This initiative is a common sense approach to addressing pricing for identical items under identical terms and conditions.  In fact, at the April 17th public meeting on GSA’s proposed Transactional Date Reporting rule, the Coalition specifically proposed that FAS address/reduce price variability for identical items as one of a series of alternatives to the transactional data pilot.  From a membership perspective, it is extremely significant that CPI is based on FAS using information that is already in its possession! Moreover, given that one of the major goals of the data reporting rule is to reduce price variability among identical items, perhaps GSA should take a step back and assess the results of CPI before embarking on a costly and burdensome contractor data reporting regime!

At the same time, the Coalition maintains its firm belief that competition at the order level for agency specific requirements drives price and value for customer agencies.  More still needs to be done across government to train contracting officers on how to effectively utilize the program.  Training on the MAS program can have an immediate return on investment by increasing best value outcomes for customer agencies using the program.  In the long term, training can reduce costs by addressing contract duplication—the more contracting officers understand and are comfortable with MAS’s streamlined, competitive ordering procedures the lower the demand/desire for duplicative agency specific contract vehicles.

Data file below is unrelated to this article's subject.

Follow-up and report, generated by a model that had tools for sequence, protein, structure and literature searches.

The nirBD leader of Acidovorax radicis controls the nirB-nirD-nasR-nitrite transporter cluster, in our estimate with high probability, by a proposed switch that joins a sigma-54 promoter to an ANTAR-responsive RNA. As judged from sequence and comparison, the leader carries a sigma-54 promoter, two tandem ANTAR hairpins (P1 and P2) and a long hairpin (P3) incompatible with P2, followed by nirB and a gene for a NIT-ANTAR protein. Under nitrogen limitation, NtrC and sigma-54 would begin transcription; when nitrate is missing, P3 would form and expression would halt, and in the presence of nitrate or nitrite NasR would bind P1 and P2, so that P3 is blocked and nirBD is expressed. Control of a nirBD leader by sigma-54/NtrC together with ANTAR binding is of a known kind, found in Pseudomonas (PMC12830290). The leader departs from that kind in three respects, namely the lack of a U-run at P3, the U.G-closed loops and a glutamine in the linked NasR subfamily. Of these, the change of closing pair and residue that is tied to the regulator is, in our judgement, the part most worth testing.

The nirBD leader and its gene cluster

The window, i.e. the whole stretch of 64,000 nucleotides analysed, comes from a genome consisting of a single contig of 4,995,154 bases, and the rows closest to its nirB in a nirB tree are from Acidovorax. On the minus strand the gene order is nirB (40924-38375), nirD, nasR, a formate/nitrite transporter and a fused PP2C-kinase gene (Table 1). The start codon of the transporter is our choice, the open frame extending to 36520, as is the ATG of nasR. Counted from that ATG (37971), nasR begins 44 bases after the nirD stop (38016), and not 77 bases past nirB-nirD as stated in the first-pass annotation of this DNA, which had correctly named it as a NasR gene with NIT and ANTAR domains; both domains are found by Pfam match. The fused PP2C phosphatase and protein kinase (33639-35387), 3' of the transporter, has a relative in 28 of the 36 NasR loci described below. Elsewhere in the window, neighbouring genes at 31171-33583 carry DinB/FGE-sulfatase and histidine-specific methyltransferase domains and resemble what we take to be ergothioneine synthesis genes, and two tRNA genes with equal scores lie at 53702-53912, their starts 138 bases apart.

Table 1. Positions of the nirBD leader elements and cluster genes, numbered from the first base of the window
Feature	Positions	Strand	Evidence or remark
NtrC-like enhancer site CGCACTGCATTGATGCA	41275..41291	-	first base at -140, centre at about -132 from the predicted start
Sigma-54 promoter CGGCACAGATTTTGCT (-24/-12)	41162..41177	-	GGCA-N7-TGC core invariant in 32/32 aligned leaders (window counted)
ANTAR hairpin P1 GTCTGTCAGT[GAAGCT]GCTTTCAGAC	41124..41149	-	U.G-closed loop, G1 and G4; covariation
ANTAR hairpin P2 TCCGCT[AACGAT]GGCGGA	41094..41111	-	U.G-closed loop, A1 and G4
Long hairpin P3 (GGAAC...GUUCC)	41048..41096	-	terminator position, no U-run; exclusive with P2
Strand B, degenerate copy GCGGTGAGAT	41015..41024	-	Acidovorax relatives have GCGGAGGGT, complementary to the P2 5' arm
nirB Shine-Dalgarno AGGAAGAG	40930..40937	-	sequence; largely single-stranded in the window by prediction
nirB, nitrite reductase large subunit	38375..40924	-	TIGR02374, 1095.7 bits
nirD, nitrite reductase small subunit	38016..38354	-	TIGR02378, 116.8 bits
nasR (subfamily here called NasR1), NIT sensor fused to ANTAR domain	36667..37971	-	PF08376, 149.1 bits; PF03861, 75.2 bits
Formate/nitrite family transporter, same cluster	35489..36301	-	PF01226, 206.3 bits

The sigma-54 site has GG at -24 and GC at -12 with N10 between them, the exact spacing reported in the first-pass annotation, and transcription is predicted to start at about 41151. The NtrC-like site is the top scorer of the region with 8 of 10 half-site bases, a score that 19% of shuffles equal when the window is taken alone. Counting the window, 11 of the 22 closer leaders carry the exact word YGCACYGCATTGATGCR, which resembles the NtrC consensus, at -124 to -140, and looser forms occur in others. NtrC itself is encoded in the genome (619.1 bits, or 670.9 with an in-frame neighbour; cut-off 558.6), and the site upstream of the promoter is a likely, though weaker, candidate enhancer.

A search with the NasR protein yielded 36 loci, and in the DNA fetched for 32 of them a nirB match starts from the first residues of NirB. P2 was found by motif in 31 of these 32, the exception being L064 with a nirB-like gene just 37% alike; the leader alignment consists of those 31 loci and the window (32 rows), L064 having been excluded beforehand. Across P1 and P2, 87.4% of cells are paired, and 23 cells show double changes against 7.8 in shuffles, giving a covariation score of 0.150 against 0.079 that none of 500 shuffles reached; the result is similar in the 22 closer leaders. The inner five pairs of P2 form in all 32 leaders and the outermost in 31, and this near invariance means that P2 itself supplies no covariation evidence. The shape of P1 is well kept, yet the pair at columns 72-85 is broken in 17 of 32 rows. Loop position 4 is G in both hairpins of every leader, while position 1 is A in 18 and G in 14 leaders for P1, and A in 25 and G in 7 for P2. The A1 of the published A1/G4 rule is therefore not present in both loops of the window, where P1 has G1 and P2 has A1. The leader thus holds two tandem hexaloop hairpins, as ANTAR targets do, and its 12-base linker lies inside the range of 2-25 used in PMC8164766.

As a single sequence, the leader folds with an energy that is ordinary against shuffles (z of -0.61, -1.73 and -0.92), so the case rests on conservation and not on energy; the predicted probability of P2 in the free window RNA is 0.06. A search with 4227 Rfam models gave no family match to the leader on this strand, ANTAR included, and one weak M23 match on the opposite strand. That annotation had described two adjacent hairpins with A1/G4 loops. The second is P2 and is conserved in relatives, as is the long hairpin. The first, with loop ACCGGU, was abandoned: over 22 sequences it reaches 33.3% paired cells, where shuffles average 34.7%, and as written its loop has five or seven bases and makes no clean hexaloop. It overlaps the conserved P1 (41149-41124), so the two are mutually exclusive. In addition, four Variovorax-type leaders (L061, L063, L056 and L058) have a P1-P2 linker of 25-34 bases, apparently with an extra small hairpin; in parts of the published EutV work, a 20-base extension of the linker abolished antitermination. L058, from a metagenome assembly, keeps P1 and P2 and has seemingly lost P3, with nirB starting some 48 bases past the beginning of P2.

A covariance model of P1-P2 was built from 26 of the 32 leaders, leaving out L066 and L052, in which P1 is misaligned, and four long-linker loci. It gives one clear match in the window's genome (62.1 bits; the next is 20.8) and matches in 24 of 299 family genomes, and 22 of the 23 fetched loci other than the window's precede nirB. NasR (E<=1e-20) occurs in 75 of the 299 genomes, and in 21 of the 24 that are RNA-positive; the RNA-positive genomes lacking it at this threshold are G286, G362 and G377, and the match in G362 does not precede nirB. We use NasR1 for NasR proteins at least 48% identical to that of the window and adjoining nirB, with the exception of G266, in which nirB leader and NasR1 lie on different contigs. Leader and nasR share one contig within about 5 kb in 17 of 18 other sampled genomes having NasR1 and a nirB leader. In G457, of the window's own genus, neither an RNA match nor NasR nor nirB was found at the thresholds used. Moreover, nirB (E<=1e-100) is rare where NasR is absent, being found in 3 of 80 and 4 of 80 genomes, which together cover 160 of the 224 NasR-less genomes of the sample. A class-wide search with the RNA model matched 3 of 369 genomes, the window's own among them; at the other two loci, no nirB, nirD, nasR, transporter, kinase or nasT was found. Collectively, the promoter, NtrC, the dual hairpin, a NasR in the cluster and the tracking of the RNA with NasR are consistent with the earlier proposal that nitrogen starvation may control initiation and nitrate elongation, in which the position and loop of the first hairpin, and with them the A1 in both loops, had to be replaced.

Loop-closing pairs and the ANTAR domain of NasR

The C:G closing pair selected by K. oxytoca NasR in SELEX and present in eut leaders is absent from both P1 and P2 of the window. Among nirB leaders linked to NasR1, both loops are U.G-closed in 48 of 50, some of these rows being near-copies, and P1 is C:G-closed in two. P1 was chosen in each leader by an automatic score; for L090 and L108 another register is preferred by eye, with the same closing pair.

I won’t be writing a typical comment today as I’ll be out of the office presenting at GSA’s public meeting in regards to amending the General Services Administration Acquisition Regulation (GSAR) to include clauses that would require vendors to report transactional data from orders and prices paid by ordering activities.  Much more on this topic to come after the conclusion of today’s meeting on the proposed rule.  In the interim, I wanted to take this opportunity to remind you that we are just over a week away from our 2015 Spring Training Conference, titled The Business Of Government.


On April 28th at the Fairview Park Marriott in Falls Church, we will host speakers from the General Services Administration, Department of Veterans Affairs, Small Business Administration, Department of Homeland Security, and the Department of Defense.